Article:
Note: This story has been updated to clarify that apps which depend on tracking capabilities to function will continue to work, even as app-less tracking is discontinued.
As visibility into shipments become increasingly relevant, track and trace solutions now play a vital role in the transportation and logistics industries, helping fleets automate real-time location tracking of shipments. Cellphone-based tracking has been one of the easiest ways to do this, because companies are not required to set up extensive infrastructure to monitor freight movement.
However, due to recent government scrutiny, cell phone pinging would be disabled by the major telecom service providers in the upcoming month, which is a cause for concern among fleets that rely entirely on app-less mobile signal tracking. “Sprint and AT&T have already stopped sharing location data, with T-Mobile announcing that it will stop sharing by the end of March. I believe Verizon will follow suit shortly thereafter,” said Jason Traff, president and co-founder of Shipwell.
Much of this has to do with consumers getting conscious of their privacy. Traff explained that telecom service providers never intended to walk this path, as they started selling data initially for reasons that were legitimate – like for emergency medical services and distress signals. Slowly, they extended their aggregated services, with track-and-trace becoming popular among law enforcement agencies and bounty hunters who used it to track people without their knowledge or consent.
Quite recently, a group of Senators have called on the Federal Communications Commission (FCC) and Federal Trade Commission (FTC) to investigate the business dealings of telecommunications companies with bounty hunters over their data-sharing arrangements. The Senators wrote a letter charging the service providers have failed to regulate themselves or their partners, thus exposing consumers to serious harm.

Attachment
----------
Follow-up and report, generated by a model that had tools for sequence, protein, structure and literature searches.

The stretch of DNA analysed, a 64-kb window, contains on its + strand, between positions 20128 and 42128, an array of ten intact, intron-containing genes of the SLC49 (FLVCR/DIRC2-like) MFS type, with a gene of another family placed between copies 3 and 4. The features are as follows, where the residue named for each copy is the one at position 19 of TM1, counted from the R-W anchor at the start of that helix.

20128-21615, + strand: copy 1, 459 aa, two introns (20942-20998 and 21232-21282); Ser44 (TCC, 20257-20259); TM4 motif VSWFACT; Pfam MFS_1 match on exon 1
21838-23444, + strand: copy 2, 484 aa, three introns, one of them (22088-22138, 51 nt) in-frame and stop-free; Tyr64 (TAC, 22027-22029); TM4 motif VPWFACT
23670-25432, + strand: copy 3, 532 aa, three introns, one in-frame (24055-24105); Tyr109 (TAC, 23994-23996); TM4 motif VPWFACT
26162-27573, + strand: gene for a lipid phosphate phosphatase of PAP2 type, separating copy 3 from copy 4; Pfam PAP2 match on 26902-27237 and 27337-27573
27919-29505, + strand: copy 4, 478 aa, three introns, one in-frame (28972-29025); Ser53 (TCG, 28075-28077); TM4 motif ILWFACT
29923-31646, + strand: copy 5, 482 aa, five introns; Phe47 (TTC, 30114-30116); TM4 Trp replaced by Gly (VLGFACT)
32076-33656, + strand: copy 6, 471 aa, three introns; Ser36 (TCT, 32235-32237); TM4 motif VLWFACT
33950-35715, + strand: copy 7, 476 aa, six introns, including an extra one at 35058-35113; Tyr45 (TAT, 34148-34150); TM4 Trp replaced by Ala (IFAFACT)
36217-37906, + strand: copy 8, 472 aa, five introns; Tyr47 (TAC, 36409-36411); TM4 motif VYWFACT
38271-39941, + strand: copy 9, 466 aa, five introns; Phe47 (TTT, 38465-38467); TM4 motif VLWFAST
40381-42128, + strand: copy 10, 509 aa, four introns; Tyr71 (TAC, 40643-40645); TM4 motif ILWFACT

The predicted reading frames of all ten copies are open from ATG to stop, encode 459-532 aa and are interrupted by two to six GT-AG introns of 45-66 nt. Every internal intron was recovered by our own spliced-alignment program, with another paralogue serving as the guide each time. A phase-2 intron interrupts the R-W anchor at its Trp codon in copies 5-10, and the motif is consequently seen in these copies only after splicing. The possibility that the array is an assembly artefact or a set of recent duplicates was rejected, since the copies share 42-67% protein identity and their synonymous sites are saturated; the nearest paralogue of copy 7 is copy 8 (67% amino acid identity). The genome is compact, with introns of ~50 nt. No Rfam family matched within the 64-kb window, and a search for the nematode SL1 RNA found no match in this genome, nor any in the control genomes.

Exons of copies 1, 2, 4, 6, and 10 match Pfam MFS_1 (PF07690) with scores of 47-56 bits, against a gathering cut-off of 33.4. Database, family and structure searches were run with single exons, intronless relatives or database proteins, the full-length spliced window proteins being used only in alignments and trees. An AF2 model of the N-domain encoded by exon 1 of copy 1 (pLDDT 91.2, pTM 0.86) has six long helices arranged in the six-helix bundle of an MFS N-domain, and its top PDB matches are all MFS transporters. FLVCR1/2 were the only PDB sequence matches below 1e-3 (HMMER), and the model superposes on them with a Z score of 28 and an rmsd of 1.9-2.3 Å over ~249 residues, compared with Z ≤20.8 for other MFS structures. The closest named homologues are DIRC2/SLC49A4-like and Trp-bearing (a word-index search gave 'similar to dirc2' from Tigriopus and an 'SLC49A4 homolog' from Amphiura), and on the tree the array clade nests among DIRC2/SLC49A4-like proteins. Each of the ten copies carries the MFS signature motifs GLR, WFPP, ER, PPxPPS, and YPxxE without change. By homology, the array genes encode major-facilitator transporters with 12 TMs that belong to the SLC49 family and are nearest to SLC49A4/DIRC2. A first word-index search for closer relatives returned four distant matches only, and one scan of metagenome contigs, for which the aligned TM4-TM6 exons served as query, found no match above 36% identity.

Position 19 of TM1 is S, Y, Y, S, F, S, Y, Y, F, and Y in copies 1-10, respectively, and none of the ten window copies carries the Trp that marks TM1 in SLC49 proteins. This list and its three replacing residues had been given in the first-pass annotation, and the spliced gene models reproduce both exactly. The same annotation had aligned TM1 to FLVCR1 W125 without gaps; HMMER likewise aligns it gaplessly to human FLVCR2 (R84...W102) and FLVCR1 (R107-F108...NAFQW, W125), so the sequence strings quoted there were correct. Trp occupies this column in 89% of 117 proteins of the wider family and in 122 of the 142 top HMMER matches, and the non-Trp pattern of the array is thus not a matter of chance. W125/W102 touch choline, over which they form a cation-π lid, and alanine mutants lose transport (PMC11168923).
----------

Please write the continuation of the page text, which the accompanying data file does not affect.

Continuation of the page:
The concern is valid since there have been sporadic occurrences of security breaches. With consumer data being leaked, it kicked off a government investigation that put pressure on the carriers to stop trading location data. The fallout of this debacle has hit the freight industry as well, even when the issue that revolves around privacy and being tracked without consent does not necessarily apply to transportation-related use cases.
“It is a part of the public perception shift, where consumers are increasingly more protective over their data and on how it’s used. I think transportation is almost an unfortunate bystander in this, as you’ve always had to have a carrier opt-in and permit you to track them,” said Traff.
The impact of this development is enormous, especially with regard to shippers and third-party logistics providers (3PLs). Traff explained that transportation management systems (TMS) have integrated tracking automation that works on an app-less cellphone-based ping, and once that is taken out, they have a problem with accessing real-time visibility. “Looking at the largest trends in transportation with things becoming more connected and automated, taking a step back in terms of visibility has a big impact on the operations of shippers and 3PLs,” said Traff.
However, the future is not as bleak as it sounds. Though app-less cell-phone pinging is going away, companies that depend on app-based tracking would have no reason to worry. Also, the move to eliminate app-less phone tracking would possibly rive the industry to place greater value on data coming from the electronic logging devices (ELDs) – that after the mandate last year, is ubiquitously present across all trucks that travel U.S. roadways.
Companies are developing iOS and Android applications that draw upon ELD data. However, the downside to this is that many truckers still don’t have smartphones, and so companies need to figure out a way to circumvent this. But with more data coming out of the cab like the hours of service (HOS), companies can inch closer to freight operations automation like geo-fencing locations, automatically understanding and paying for detention and dwell times, and even helping to match freight based on location and the number of HOS that a trucker has left for the day.